City Manager Nick Hernandez shared an update on the Wilson Park train restoration project at the end of a City Commission of Arkansas City meeting April 18.

train in Wilson Park
Photo by ANDREW LAWSON/CITY OF ARKANSAS CITY

The train has been closed off from the public for several weeks, in preparation for the lead abatement process.

Mayor Duane Oestmann asked when the lead abatement was due to start.

“They’ll be here (April 19),” Hernandez said.

The lead abatement will be performed by J.R. Stelzer Co., of Lincoln, Nebraska, for a cost of $25,800.

Locally, Rob Carroll and Kalin Taylor both have been tapped to work on the train once the lead paint is gone.

L.G. Pike Construction President Carlla Pike has agreed to allow Taylor to do metal fabrication work free of charge.

“(Taylor) already started the fabrication of some pieces— he’s got some really good ideas,” Hernandez said.

“This is going to be done right,” Hernandez added. “They know how important the train is to the community.”

Rotary mower switch

The commissioners voted 4-1 to replace a 15-foot rotary mower attachment that currently is 16 years old.

But the original staff recommendation also included the purchase of a new tractor to replace the 16-year-old model currently used by the city to mow the levee.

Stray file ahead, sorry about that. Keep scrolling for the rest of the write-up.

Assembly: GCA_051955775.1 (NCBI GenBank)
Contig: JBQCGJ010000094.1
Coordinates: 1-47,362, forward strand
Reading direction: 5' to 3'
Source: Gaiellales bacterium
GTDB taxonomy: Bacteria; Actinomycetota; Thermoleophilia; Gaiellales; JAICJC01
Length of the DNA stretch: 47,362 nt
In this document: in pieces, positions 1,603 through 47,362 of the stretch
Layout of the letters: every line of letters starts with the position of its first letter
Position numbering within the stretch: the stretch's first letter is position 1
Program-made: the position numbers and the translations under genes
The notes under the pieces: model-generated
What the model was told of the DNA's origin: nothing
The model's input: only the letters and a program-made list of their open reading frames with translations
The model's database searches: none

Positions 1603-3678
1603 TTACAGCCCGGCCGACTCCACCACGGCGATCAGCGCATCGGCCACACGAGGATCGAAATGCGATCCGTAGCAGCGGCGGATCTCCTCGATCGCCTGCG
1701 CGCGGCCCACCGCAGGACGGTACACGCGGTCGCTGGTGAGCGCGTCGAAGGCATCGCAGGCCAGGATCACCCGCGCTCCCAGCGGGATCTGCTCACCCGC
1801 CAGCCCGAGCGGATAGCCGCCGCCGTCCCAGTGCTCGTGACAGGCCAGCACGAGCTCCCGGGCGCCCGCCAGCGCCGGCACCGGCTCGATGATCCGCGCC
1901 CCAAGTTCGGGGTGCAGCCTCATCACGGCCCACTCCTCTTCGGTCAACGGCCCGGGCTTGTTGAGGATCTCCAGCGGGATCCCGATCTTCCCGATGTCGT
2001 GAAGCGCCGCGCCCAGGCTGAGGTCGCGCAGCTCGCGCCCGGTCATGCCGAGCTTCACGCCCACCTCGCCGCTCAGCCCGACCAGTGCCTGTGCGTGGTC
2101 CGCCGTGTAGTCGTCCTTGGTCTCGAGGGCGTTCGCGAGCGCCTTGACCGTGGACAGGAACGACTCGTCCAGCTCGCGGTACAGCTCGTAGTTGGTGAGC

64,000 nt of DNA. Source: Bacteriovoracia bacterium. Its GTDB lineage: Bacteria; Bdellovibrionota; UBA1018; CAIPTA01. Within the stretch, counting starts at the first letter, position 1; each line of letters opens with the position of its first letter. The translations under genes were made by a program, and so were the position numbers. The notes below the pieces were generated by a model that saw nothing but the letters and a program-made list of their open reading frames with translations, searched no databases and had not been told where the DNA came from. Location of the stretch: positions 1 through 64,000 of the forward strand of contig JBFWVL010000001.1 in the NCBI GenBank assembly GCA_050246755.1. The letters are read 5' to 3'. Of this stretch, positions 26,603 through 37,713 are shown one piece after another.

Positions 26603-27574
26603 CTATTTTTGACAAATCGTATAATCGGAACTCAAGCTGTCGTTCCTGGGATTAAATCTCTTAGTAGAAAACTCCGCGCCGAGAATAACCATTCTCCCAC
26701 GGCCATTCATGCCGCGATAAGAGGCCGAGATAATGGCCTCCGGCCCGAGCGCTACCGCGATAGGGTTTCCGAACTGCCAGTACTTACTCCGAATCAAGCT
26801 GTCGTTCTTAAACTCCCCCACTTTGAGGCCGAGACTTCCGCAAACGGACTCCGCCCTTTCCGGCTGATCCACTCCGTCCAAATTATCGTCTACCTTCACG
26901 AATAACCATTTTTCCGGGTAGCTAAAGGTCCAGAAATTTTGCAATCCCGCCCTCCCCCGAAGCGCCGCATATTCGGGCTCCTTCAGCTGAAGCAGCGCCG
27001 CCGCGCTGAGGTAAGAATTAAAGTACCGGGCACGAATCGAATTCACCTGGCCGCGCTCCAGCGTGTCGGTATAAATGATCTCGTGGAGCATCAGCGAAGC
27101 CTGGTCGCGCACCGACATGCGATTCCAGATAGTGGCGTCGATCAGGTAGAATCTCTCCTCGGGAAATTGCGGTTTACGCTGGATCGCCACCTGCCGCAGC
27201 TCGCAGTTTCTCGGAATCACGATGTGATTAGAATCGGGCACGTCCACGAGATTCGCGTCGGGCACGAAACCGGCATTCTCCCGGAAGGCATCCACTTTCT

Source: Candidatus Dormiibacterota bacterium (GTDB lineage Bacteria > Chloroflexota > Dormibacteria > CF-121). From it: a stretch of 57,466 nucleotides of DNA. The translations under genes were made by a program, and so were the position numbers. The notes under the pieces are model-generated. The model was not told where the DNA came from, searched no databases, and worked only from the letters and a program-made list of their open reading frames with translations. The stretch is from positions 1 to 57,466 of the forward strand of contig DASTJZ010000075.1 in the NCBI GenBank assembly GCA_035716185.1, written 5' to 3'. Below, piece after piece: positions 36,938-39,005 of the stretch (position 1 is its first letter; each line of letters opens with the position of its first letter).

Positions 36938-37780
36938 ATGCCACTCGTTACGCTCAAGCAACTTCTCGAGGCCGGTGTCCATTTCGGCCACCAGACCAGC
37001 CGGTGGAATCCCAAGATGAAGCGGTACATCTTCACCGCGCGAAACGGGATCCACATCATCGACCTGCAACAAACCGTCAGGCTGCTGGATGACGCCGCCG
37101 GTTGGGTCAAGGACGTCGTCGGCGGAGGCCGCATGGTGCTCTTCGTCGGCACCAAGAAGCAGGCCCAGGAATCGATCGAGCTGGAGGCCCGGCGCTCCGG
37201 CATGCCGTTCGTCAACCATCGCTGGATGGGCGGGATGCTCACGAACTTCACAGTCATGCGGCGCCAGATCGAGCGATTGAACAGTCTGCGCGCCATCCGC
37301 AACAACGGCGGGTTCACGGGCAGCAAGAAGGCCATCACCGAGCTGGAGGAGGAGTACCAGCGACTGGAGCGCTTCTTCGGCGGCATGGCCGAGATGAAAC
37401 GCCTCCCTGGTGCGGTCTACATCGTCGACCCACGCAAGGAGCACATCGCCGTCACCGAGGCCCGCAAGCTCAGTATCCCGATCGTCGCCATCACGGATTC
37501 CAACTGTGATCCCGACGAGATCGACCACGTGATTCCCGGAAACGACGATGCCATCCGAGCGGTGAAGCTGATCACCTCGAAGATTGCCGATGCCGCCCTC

“Are we having any trouble with the mower or the tractor?” asked Commissioner Dan Jurkovich.

“Just old age,” said Assistant Public Works Director Mike Crandall.

Public Services Superintendent Randy Jacobs said the tractor’s engine already was replaced once.

The usage of the tractor is dependent upon the length of the growing season, Jacobs said.

The replacement tractor was budgeted in the 2017 fiscal year after being delayed from 2016 due to hospital financial concerns.

The new tractor from Price Bros. Equipment Co., of Wichita, was quoted at $43,459, with a trade-in value of $15,000.

“Here’s my thought before the meeting — and I don’t have a reason to change it — get a new seat for the tractor and buy a new mower,” Jurkovich said.

He made a motion to buy the mower only, which was seconded by Commissioner Charles Tweedy. Commissioner Karen Welch cast the dissenting vote.

The replacement mower that was approved cost $15,771.79, with a trade-in value of $4,500.

In other business, the commission:

  • witnessed a proclamation recognizing April 28 as Arbor Day in Arkansas City.
  • unanimously approved the consent agenda.
  • tabled until May 2 a resolution revising the Neighborhood Revitalization Plan in effect until December 31, 2020.
  • unanimously approved a resolution to extend until June 15 the closing date of an agreement to transfer a portion of Carver Park to Cowley College.
  • unanimously approved a recommendation of the Beautification and Tree Advisory Board to initiate an adoption contract for one year with the Catalpa Park Committee for Catalpa Park. As part of the motion, the city will pledge up to $5,000 in matching funds, on a 50-50 basis, for any park improvements.
  • heard updates from city staff regarding Cowley’s Outdoor Market on April 22, the Outstanding Young Student Award banquet April 24, the Cowley County Legislative Forum on April 27, Arbor Day activities April 28 and the budget retreat April 29.
  • held two executive sessions, spanning a total of 45 minutes, to discuss matters of non-elected personnel and consult with City Attorney Tamara Niles, regarding employee performance and productivity.

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